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Cisco ONS 1544 and QOS Policing Scenario

Hi everyone.

 

Please consider first scenario ( packet switched network)

 

CE f0-----------fe PE--rest of network

CE is using CIR 10M CKT,  PE has inbound policer for 10 M, bc 2M ( bits).

CE is shaping its traffic to CIR 10M, with matching bc 2M to ensure Policer never get hits and we can see any drops on CE that gets tail dropped.

 

So far so good.

Now take 2nd scenario with Cisco ONS 1544

CE f0-------f0 PE -SONET  ( STS-1)

Above we have   packet switched network and SONET ( TDM).  CE has CIR of 50M, but PE is not enforcing any policing on f0. So CE can send more than 50M to PE, how does PE deals with traffic more than CIR? In first case, PE can determine if the traffic is exceeding by using burst size, but in 2nd case PE is not using any  Policer .

 

This is my hunch:

1) PE can not determine the if the traffic is exceeding CIR or not when received from CE.

2) Traffic will be queued until it can be transmitted out of SONET interface, traffic will continue to be queued until red drop occurs or tail drops occurs or PE can find the time slot to transmit the queued data in SONET frame.

3) Key thing is PE has no way to determine if the traffic is exceeding, it simply queues the traffic until It can be transmitted in SONET frame or queue gets filled.

 

I do not know much about SONET , so excuse my ignorance.

 

Thanks and have a nice weekend!!

 

 

 

 

 

 

 

1 ACCEPTED SOLUTION

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VIP Expert

Re: Cisco ONS 1544 and QOS Policing Scenario

For your purposes, just consider a SONET interface is just another interface that supports a specific amount of bandwidth.

If the provider only has a 50 Mbps SONET path, they can just allow their equipment to deal with any over subscription "naturally". I.e. interface to SONET link likely queues to some FIFO queue. Of course, if queue fills, you'll have tail drops.

(NB: I've dealt with providers that try to avoid queue drops by having huge interfaces queues, but this then may create huge transient latency, which can create its own set of problems.)

If you would rather manage the available bandwidth, continue with what you've been doing, i.e. shape for the expected bandwidth.

BTW, having a shaper with the same CIR/Bc/Tc as a downstream policer, doesn't guarantee you avoid the downstream policer dropping your packet because it's unlikely the shaper and policer will be exactly in sync regarding the actual real-time when the Bc is being "measured". (I.e. a burst might span two Bcs for your shaper, but be within the same Bc for the provider's policer.) However, your shaper would likely avoid many policer drops. (Also, BTW, I believe some Cisco devices shapers/policer's don't account for L2 overhead, but a provider's CIR may be a true "wire" like bit rate.)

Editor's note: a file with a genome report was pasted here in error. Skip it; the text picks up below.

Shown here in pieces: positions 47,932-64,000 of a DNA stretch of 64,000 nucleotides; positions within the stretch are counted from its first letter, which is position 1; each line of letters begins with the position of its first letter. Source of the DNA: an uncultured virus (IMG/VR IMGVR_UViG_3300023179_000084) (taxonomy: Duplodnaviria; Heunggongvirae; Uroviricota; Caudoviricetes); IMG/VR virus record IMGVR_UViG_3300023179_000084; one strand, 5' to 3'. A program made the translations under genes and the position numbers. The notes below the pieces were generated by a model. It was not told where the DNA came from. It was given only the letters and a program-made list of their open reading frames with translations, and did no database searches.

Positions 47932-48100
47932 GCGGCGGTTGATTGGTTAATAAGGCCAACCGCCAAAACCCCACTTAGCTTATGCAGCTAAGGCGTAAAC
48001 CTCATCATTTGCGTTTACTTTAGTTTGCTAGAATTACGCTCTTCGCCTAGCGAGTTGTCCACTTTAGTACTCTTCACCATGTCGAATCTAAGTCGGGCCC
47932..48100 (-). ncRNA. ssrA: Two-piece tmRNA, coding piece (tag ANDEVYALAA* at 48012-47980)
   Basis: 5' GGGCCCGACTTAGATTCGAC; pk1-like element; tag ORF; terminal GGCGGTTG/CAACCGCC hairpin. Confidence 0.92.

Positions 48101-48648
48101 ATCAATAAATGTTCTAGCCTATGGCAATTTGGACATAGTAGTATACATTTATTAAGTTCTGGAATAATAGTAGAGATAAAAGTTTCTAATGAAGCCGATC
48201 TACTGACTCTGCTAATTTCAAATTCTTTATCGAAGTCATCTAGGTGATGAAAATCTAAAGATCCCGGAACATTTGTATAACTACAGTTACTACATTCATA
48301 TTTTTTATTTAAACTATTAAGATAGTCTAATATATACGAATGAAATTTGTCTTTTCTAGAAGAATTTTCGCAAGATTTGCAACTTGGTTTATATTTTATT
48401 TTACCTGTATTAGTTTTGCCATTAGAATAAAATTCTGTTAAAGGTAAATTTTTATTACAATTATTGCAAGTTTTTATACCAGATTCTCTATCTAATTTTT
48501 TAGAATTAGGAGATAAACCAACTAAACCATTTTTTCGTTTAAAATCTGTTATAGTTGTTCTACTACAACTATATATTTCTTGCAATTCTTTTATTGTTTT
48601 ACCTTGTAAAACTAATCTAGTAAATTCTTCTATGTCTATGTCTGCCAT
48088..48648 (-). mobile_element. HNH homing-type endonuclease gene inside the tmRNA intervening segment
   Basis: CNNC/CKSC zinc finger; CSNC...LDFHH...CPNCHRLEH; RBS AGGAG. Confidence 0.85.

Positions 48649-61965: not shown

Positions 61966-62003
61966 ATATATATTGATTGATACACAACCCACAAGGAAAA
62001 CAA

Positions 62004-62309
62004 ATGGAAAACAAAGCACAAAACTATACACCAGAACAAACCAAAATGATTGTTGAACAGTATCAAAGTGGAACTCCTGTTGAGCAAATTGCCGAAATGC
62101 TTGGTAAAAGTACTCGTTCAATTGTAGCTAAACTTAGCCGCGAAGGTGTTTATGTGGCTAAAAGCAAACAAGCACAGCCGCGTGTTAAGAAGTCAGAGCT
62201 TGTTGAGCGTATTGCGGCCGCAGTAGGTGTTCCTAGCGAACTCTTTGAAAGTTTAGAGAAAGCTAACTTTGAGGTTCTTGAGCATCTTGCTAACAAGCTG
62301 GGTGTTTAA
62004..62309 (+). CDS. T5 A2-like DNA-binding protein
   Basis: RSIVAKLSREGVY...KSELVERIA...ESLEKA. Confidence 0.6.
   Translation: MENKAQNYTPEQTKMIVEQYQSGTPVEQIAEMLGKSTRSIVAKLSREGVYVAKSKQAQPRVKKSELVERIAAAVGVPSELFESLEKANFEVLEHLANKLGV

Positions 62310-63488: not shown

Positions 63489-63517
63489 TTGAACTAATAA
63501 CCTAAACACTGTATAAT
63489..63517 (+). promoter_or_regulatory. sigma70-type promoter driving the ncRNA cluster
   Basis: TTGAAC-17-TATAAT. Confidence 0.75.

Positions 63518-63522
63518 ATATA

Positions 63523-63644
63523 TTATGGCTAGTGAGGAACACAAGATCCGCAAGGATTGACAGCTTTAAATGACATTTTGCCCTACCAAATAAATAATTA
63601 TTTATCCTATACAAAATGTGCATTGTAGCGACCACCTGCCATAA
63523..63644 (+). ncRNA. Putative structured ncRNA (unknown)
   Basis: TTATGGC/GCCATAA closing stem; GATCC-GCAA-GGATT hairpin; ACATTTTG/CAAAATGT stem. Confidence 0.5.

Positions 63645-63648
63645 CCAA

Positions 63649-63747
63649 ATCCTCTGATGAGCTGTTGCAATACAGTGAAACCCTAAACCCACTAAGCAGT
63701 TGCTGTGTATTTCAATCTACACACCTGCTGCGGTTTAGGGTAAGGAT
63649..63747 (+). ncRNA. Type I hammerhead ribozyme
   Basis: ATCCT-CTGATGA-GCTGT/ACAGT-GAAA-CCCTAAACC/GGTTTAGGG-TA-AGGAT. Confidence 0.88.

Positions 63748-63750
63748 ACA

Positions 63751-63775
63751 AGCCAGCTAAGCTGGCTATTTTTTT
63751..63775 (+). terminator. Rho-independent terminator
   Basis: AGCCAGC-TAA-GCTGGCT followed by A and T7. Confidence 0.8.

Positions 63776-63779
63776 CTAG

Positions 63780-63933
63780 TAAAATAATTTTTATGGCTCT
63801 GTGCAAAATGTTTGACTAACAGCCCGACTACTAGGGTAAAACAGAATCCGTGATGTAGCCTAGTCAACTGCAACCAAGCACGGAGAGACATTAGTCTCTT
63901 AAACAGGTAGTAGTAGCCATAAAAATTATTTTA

2 REPLIES 2
Advocate

Re: Cisco ONS 1544 and QOS Policing Scenario

STS1 is 49 megabit and overhead is 45 megabit, you won't see policing occur since you're not exceeding the CIR or CBR.
-Tom Please mark answered for helpful posts http://blogs.cisco.com/smallbusiness/
VIP Expert

Re: Cisco ONS 1544 and QOS Policing Scenario

For your purposes, just consider a SONET interface is just another interface that supports a specific amount of bandwidth.

If the provider only has a 50 Mbps SONET path, they can just allow their equipment to deal with any over subscription "naturally". I.e. interface to SONET link likely queues to some FIFO queue. Of course, if queue fills, you'll have tail drops.

(NB: I've dealt with providers that try to avoid queue drops by having huge interfaces queues, but this then may create huge transient latency, which can create its own set of problems.)

If you would rather manage the available bandwidth, continue with what you've been doing, i.e. shape for the expected bandwidth.

BTW, having a shaper with the same CIR/Bc/Tc as a downstream policer, doesn't guarantee you avoid the downstream policer dropping your packet because it's unlikely the shaper and policer will be exactly in sync regarding the actual real-time when the Bc is being "measured". (I.e. a burst might span two Bcs for your shaper, but be within the same Bc for the provider's policer.) However, your shaper would likely avoid many policer drops. (Also, BTW, I believe some Cisco devices shapers/policer's don't account for L2 overhead, but a provider's CIR may be a true "wire" like bit rate.)
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